CHARLESTON, S.C. (WCBD) – Flooding associated with heavy rain prompted numerous road closures across Charleston and North Charleston on Monday afternoon.
The National Weather Service initiated a flood advisory for much of the tri-county through 5:00 p.m. as flooding from excessive rainfall was expected to continue through the evening.
Roads started to become impassable in the early afternoon on Monday, forcing police to block several more than a dozen roads in Charleston, West Ashley, and in North Charleston.
Rivers Avenue looked more like a river than an avenue near the intersection of Otranto Road. High water even crept up into the Murphy Express parking lot.
Lasha Stinson was on her way to pick up her daughter from school when the flooding postponed her plans. “I’m basically a little scared for me and my kids because other people don’t care that it’s raining,” she said. “It’s like I gotta hurry up and get to her. That’s why I was actually going to sign out earlier because of how bad it is out here. Like it’s really bad out here.”
Police warned drivers not to ignore road barriers. One vehicle almost became stuck in high water and had to reverse to get out.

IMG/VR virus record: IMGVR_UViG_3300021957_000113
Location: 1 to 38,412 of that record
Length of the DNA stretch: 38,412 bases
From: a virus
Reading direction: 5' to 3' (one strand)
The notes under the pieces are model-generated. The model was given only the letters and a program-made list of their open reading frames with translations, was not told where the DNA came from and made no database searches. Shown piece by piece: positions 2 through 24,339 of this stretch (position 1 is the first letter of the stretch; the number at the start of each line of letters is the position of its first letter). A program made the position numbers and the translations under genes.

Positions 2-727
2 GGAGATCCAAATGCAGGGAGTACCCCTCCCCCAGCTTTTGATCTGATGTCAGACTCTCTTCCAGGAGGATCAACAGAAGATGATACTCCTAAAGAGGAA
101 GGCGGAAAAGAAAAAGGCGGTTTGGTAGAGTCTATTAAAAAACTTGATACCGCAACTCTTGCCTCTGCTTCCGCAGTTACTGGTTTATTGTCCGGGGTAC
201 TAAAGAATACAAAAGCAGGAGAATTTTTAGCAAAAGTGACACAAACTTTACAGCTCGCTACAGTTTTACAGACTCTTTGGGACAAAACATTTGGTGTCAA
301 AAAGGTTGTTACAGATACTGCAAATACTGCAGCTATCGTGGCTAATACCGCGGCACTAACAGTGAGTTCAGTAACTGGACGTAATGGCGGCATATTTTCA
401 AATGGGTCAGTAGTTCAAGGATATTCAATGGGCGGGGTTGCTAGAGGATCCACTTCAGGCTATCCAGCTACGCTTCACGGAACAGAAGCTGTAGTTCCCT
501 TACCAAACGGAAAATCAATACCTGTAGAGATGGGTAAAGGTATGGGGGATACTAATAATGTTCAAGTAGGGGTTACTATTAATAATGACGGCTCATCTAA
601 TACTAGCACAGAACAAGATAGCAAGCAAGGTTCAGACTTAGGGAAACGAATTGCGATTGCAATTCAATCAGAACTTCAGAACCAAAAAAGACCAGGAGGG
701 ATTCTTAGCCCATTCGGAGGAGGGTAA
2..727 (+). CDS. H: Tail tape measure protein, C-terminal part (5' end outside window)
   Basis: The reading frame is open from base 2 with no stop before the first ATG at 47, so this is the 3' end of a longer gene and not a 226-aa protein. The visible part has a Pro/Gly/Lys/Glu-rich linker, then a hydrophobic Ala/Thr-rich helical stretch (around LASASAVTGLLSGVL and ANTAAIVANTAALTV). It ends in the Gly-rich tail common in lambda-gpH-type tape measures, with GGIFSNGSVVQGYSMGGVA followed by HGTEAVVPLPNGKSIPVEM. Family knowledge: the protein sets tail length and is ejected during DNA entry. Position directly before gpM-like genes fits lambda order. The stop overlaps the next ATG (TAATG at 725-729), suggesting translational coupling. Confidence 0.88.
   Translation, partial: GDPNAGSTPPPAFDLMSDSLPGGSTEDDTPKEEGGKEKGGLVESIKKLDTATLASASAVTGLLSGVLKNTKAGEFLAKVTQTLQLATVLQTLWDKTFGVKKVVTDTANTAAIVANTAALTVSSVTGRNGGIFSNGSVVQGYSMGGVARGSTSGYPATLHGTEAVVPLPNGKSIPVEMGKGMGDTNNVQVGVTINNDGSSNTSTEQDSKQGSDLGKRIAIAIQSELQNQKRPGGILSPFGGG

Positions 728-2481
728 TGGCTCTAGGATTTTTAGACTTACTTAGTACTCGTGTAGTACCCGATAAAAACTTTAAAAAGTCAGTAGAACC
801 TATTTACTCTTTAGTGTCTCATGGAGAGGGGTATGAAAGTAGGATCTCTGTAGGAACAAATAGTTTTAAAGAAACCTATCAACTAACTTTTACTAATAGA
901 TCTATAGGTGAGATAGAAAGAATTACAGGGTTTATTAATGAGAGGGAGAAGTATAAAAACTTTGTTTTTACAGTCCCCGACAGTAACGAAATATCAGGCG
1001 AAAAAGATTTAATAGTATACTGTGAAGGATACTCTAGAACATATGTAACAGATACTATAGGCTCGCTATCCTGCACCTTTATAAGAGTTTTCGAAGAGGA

“I always get nervous because a year ago I did actually get stuck in a flood and flooded out my car,” said Tiffany Hoffman, event coordinator for the Berkeley Animal Center. “Unexpected, it was one of those ‘I should’ve turned around don’t drown.”
Hoffman was on the way to bring two kittens by News 2 when she was forced to turn around. “It was bumper to bumper, it was deluge- everyone was trying to turn around. It was a mess.”
Meanwhile, several roads remain closed in Charleston and West Ashley. Multiple cars were seen stranded in the middle of the intersection at King and Huger Streets.
Maggie Bannick lives on Rosemont Street and says her home and many of her neighbor’s homes were impacted by flooding. As the high waters receded throughout the evening, Bannick hopes to see more drainage systems throughout the Peninsula to help with future storms.
“Our house is elevated by like a foot, so hopefully we don’t get any water inside but if the rain keeps coming I have no idea,” says Bannick.
Charleston Fire and Rescue crews were out helping people get out of their flooding vehicles. Several cars thankfully turned around before becoming stuck – but the impacts snarled traffic across the peninsula for much of the day.
Storm Team 2 said the steady rain will continue impacting the Charleston area for the next few hours, so it is unclear how long roads will be flooded or when they will be able to reopen.